professionalism and cognitive expertise requirements should be old hat to most Diplomates by now, and most should also be
comfortable with the self-assessment and lifelong learning requirement at this time. However, the performance in practice
requirement is still new and confusing to many Diplomates.
Part IV, performance in practice, is designed to assess how a Diplomate cares for patients in his practice and identifies areas
in which to intervene and, hopefully, improve patient care. A basic Part IV activity requires that a physician assess his practice
and select an area for improvement. Then the physician must implement an evidence-based intervention to try to improve
care and, after a predetermined interval, reassess his practice. Many times this is accomplished using PDSA (Plan, Do, Study,
Act) cycles or other QI methodologies.
The ABFM recognizes that many physicians already do quality improvement (QI) work as part of their daily practice.
We want to minimize redundant work, so we have developed eight Part IV activities (Performance in Practice Modules,
PPMs) that address common health topics and assess common, nationally endorsed indicators. Additionally, we have created
an Alternative Part IV Activity Approval Program to which institutions and larger groups of physicians can apply for
consideration of Part IV activities that they themselves develop. Currently, more than 20 institutions have applied for and
received approval for numerous QI activities.
For physicians who do not provide continuing care or who have an interruption in their practice, the ABFM offers alternatives
to the PPM: Methods in Medicine Modules (MIMMs), the Patient Safety Improvement Program (PSIP), and the newly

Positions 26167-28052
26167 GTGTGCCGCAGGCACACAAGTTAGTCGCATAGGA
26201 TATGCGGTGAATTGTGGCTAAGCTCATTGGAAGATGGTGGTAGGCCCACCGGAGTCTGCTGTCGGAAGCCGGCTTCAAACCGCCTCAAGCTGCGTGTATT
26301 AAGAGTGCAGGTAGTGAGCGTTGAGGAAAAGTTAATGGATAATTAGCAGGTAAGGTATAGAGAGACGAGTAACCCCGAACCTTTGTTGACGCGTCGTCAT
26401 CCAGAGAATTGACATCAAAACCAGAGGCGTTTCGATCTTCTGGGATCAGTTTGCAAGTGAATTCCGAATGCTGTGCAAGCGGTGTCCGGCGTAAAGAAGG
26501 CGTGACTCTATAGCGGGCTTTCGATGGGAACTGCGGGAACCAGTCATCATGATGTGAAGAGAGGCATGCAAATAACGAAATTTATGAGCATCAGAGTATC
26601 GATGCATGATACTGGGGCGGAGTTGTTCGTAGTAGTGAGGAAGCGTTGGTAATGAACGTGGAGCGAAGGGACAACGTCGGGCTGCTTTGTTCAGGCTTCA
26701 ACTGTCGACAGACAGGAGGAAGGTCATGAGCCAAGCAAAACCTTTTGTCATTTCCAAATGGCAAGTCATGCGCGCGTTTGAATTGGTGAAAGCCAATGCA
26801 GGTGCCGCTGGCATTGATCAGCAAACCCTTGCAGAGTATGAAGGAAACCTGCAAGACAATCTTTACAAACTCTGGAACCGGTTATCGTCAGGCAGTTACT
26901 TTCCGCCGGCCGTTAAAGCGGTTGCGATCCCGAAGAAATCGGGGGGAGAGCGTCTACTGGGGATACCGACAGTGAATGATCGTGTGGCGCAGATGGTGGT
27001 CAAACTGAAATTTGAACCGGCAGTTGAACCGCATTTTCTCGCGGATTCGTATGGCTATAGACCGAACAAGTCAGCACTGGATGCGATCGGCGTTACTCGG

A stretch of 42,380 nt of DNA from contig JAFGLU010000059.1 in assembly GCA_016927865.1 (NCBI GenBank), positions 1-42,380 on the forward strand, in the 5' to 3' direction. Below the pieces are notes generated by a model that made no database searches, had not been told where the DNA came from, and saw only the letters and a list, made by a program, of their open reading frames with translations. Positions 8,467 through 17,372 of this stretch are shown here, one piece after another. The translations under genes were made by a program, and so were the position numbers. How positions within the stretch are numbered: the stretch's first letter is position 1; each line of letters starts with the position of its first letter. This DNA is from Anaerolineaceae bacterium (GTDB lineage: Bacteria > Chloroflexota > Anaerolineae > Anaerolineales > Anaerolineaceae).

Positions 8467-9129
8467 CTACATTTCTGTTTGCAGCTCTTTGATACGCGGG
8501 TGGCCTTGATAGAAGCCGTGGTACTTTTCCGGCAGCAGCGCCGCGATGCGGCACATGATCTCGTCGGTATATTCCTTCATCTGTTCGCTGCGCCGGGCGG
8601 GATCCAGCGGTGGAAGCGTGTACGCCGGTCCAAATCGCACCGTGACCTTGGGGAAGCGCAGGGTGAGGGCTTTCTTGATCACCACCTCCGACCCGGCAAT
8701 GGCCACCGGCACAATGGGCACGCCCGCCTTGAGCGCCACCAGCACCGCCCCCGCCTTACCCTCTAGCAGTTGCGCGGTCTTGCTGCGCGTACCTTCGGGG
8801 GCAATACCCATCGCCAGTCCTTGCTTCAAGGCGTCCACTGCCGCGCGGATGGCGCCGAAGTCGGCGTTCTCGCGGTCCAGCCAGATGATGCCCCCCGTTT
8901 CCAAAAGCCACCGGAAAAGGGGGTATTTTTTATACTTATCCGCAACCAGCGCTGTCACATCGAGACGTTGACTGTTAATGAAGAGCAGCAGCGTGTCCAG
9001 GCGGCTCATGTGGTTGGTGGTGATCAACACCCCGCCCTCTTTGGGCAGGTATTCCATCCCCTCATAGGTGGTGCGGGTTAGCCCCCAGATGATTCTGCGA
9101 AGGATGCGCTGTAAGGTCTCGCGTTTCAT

released Hand Hygiene module. These activities do not require direct access to continuity practice populations, but do
include quality improvement concepts and activities that satisfy the MC-FP Part IV requirement.
Information about all of the available Part IV activities and the alternative activity approval program can be found on our
Website at https://www.theabfm.org/moc/part4.aspx.
Follow us on Facebook and Twitter!
ABFM Facebook Group
ABFM Twitter Feed
ABFM Launches New Exam Prep iPhone App
The ABFM is pleased to announce the launch of its new iPhone app, the ABFM Exam Prep app. This mobile
application provides family physicians with useful information to assist with preparation for the ABFM Main-
tenance of Certification Exam. This module turns your iPhone into an invaluable tool for keeping you in touch
with what you need to know as you enter your certification or recertification year.
Features of the free, downloadable ABFM Exam Prep app include:
Exam Prep documents and videos—including the detailed ABFM Guide for Exam Preparation document
Upcoming Exam Dates—a quick view of future dates
Links to the ABFM website and the Journal of the American Board of Family Medicine website
Practice Quiz—Over 200 questions addressing problems commonly encountered by family physicians. Each
practice quiz presents 10 questions followed by a clear rationale for the correct answer including the associated
While not a substitute for a well-designed and executed study plan, the ABFM App is an additional tool to help
prepare for the Maintenance of Certification Exam. This module is designed for family physicians, but the ques-
tions may be useful for medical students and other health care providers as well.
ABFM Content Development Department
Left to right: Roger Fain, Emily Garriott, Susan Hill, Lisa Bell, William DeBord (Nichole Lainhart, not pictured)
The Content Development Department is responsible for the development and maintenance of the assessment materials used for the